Do you give money to beggars? I can think of plenty of reasons why such giving is not a good idea. Then, I’ll see some destitute woman shivering in the cold, and I’ll feel compelled to press a few dollars in her hand.
As the drought and food crisis escalate across West Africa, how is World Vision responding both to urgent, immediate needs, as well as long-term recovery challenges? Here's a closer look at what's going on in villages across Niger.
Rich Stearns, president of World Vision U.S., shares a story from his recent visit to Cambodia that highlights the numerous interventions required to fight poverty, injustice, and oppression -- those that are dramatic and highly-publicized, as well as those that are less conspicuous but equally critical.
Traveling across West Africa, World Vision communications manager Jonathan Bundu is collecting stories of women and children impacted by the current drought and food crisis. Below are reflections from his time in Mauritania, in a region called the Triangle of Poverty.
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Every 60 seconds, malaria claims another victim.
A single mosquito bite can be a death sentence for people who lack access to medical treatment. What makes malaria deaths particularly tragic is that they are fully preventable -- and some of malaria’s most common victims are children under 5.
People are still talking about Joseph Kony. We'll say it again: That’s a good thing.
Samuel Mwinda Mwanangombe is World Vision’s design, monitoring, and evaluation officer for the water, sanitation, and hygiene (WASH) program in Zambia. Samuel has worked for World Vision for three years, motivated by the opportunity to improve the quality of life for vulnerable and marginalized people -- especially orphans, widows, and those with disabilities -- by helping them realize their own potential to be agents of change.
He is dedicated to WASH because he’s seen firsthand the changes it has produced in communities and the lives of children. Samuel has seen God work through the WASH sector in Zambia, providing those in need with clean water, improved sanitation, and hygiene education to sustain their lives. Here, Samuel shares an example of that success, which he witnessed in a community where he works.
Water: It’s such a simple thing, but if you don’t have enough, it takes over your life.
That’s what 13-year-old Zinhle Dlamini told me. Getting water for her family in rural Swaziland is a two-hour-per-day chore. And the dirty water they get is not nearly enough for all the drinking, cooking, cleaning, and bathing for a household of 10 people.
The West Africa food crisis continues to intensify as drought tightens its grip on places like Mali. Could entire communities really be left without any food if action isn't taken? The story of Zama and his family suggests that, indeed, they could.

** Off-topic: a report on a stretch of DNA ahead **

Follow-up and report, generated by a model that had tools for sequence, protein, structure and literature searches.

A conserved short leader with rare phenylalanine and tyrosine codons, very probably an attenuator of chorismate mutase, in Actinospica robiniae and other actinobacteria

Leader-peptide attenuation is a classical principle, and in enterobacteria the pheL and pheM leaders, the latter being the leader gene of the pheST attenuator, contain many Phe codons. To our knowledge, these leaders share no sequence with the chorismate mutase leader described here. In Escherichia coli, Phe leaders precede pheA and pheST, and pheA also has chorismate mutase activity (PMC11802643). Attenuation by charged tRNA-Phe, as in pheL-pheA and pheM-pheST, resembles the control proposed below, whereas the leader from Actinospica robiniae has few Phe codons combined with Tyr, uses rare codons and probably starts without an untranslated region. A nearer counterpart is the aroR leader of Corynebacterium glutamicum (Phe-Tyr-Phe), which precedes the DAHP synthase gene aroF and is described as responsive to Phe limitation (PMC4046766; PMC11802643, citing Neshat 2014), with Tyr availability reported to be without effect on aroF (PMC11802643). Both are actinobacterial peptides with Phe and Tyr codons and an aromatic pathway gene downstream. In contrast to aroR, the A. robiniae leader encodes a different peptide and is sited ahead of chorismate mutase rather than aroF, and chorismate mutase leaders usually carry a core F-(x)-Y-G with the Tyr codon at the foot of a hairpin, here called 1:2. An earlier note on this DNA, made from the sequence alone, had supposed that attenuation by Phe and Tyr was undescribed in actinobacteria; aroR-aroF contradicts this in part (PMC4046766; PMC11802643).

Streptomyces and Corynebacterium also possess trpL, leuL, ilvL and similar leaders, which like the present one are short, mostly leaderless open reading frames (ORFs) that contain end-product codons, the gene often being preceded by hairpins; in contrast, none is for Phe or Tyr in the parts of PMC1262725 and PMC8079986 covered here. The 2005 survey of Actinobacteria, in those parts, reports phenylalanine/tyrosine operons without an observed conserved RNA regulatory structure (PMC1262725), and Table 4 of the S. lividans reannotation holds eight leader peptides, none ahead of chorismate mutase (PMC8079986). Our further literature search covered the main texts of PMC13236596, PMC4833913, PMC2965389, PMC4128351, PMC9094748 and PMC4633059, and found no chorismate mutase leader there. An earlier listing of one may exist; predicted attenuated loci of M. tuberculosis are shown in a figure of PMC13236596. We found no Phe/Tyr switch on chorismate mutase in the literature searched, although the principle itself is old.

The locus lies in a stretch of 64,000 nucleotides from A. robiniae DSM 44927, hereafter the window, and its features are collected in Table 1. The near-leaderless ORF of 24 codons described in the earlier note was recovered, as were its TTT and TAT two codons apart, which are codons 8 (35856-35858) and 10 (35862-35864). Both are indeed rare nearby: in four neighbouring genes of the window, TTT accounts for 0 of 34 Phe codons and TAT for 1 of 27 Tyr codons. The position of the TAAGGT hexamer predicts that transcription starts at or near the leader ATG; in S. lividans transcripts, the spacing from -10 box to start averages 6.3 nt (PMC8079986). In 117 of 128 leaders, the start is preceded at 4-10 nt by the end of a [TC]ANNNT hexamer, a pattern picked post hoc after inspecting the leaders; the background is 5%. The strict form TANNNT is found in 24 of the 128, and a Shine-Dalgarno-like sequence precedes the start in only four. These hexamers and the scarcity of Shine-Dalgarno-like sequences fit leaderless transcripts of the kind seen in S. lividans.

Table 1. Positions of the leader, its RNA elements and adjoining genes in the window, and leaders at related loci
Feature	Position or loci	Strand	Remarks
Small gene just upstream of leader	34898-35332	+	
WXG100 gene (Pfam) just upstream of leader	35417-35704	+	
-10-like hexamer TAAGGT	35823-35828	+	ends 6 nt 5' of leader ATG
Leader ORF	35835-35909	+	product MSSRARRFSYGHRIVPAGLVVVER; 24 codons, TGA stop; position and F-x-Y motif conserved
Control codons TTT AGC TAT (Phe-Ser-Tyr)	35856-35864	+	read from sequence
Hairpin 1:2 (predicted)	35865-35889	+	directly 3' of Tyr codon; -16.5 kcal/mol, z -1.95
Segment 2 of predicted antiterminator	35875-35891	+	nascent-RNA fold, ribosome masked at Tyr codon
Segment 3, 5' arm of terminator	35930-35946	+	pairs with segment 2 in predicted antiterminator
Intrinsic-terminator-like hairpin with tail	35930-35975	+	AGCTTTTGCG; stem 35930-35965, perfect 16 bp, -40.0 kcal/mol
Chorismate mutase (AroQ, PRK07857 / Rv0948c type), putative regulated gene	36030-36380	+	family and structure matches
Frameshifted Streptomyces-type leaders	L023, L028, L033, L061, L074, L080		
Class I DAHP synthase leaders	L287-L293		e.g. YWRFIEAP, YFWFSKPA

"First World Problems."
At one time, we thought we’d create a blog based off the concept and make millions that we could donate to charities to save lives. But we weren't the first to think of the idea. Woe is us. Maybe our disappoint is, in itself, a drop in the bucket of #firstworldproblems.
Back in November, I got to see some of our clean water programs in northern Uganda, a place that is still scarred by decades of brutal civil war with Joseph Kony's Lord's Resistance Army (LRA). I never knew how complex the solution to the problem of clean water could be -- but I got to learn from some experts and ask a lot of questions.
One of the most informative conversations I had was with John Steifel, World Vision's Uganda water, sanitation, and hygiene (WASH) program coordinator. His explanations were so good, I thought I'd share them with you.
You may have noticed that there’s been a lot of talk recently about Joseph Kony and the Lord’s Resistance Army (LRA). That’s a good thing.
Kony and the LRA terrorized northern Uganda for 20 years. They continue to terrorize the people of the eastern Democratic Republic of Congo (DRC), South Sudan, and Central African Republic. It’s now time for you to harness your attention and passion: Act to do the most good for the children most hurt by Kony’s campaign of terror.
The LRA continues to kill, maim, and abduct children in DRC, South Sudan, and Central African Republic. Mercifully, though, peace has come to northern Uganda. We now have the opportunity to join hand-in-hand with the people of this region to build a bright future for them and their children.
World Vision is partnering with communities across Uganda to ensure that the conditions that allowed the LRA to form in the first place are never allowed to emerge again.
You can now join in that partnership.
Today is International Women's Day. We honor the remarkable achievements of women like Konitha, a mother and entrepreneur in Cambodia who used World Vision business loans to build a life of dignity and hope for herself and her children.
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When I was 12, my mother bought me Helen Gurley Brown’s book, "Having It All." The book offered advice on how a woman could succeed at everything -- love, work, and family. My mother knew even then that her overachieving daughter would have difficulty choosing between having a family and having a career.
Imagine yourself in a dry, hot, dusty landscape, where water sources are scarce, and where parents don't know whether they have enough food for their children for the day -- or where tomorrow's food will even come from. This is a glimpse into the West African country of Mali, where the regional drought and food crisis is intensifying quickly.